Last Christmas was already rubbish, Boris has made it worse
Last December my friend Danny the dogwalker had a heart attack while driving.
Incredibly, miraculously, he managed to steer the van full of pooches clear from traffic, crashing into a roundabout.
The animals were fine, the other drivers on the road were fine, Danny was not fine. Ten days later, he died.
He was in his early 50s. He’d not long met and married the love of his life. He was the happiest he’d been. And then it was over.
I’ve been angry at the unfairness of the death of friends and loved ones before, but I wasn’t prepared at how furious I was that Danny had been taken away.
I was utterly livid that his new wife, her daughter had only had the briefest of times with him.
I raged at the unfairness of it for all of us who thought of him as a friend. It took me months to calm down.
It’s been a year, and yet I still see him all the time. But of course, it’s not him, it’s never him, it’s just that Glasgow has a lot of balding, middle-aged men with dogs.
Still, every time I get a near sight of him, I remember that he’s gone and the anger comes back.
At the time, the rules meant I wasn’t allowed to go to his funeral. Instead, some of us gathered outside the church, to pay our respects as the hearse drove by.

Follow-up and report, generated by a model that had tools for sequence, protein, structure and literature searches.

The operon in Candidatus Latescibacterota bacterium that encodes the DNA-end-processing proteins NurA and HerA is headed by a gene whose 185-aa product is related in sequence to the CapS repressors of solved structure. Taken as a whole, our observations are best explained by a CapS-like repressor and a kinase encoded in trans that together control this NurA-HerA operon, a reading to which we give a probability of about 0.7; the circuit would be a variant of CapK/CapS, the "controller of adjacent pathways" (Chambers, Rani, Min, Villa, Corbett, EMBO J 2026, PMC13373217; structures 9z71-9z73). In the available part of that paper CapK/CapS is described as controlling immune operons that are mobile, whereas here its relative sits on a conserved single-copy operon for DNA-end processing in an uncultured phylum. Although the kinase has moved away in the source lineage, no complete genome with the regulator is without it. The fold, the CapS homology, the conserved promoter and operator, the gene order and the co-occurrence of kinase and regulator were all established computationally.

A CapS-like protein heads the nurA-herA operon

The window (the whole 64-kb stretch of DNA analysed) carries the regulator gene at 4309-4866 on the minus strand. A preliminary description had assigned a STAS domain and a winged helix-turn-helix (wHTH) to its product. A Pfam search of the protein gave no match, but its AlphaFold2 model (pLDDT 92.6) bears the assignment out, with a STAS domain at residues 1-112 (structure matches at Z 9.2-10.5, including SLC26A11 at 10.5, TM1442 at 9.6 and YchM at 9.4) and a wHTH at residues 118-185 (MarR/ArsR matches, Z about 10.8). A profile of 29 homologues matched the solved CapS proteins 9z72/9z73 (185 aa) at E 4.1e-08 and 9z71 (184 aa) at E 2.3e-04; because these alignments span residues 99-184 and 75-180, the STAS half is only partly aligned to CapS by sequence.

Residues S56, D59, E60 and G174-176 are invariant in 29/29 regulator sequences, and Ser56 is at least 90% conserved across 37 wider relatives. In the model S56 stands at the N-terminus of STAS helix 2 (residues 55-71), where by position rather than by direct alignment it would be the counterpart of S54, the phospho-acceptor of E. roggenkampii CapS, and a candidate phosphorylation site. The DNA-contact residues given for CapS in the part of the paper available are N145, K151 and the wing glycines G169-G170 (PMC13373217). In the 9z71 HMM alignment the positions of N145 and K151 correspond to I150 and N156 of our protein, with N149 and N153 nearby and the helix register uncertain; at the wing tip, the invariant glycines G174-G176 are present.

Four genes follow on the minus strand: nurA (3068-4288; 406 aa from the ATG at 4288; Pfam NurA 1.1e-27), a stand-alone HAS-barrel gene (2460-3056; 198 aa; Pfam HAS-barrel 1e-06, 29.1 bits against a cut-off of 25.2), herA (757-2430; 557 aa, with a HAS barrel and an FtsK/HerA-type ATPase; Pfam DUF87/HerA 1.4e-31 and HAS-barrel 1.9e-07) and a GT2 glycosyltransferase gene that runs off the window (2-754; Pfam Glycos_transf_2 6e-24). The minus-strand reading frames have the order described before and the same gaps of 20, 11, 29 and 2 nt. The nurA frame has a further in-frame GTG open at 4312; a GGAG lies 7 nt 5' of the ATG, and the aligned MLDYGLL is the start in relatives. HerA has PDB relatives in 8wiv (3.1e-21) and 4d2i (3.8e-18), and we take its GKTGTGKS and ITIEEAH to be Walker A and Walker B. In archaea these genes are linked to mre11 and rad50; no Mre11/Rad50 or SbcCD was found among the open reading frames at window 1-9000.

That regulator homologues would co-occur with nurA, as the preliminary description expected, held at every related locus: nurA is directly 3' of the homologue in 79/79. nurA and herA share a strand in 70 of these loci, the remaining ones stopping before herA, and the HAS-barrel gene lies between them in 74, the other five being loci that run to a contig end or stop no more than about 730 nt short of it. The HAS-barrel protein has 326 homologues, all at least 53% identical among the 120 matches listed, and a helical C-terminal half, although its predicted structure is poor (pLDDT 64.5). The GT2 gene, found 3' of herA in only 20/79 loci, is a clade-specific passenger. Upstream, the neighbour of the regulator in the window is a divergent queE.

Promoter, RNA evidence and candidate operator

I’m glad we did, and I’m glad we were there to see him on his way, but it was utterly miserable.
Not only was there no service for his many pals, there was no wake, no party, no send off.
On the day before his funeral, Allegra Stratton, the Prime Minister’s official spokesperson, and Ed Oldfield, his special adviser joked about coming up with excuses to defend a party that we now know took place.
They broke the rules, and they laughed about it and talked about how to cover it up.
Effectively, they laughed at those of us who did what we were supposed to.
In the grand scheme of things, not getting to Danny’s funeral is a minor inconvenience. As was spending Christmas on my own two days later.
I could have spent it with others, hummed and hawed right up until the last possible minute about spending it with others, but that would have meant breaking the rules, or at the very least bending the rules.
I can’t really moan, because comparatively so many others had it much, much worse than I did.
Friends couldn’t spend time with parents in care homes, or if they did get time it was fleeting.
One pal had to watch from afar as her mother died, unable to be alongside her.
Following the rules has been miserable, it’s been exhausting, and it’s not always felt worth it. Has it really made a difference to how the pandemic has played out? The government keeps telling us it has and that it is. And they’re going to ask us to sacrifice more again soon. And we probably will.
I’m not sure what Downing Street was thinking when they had the party last Christmas.
I don’t understand why they flat-out denied it when it was easily and provably true.
I can only assume they think we’re idiots.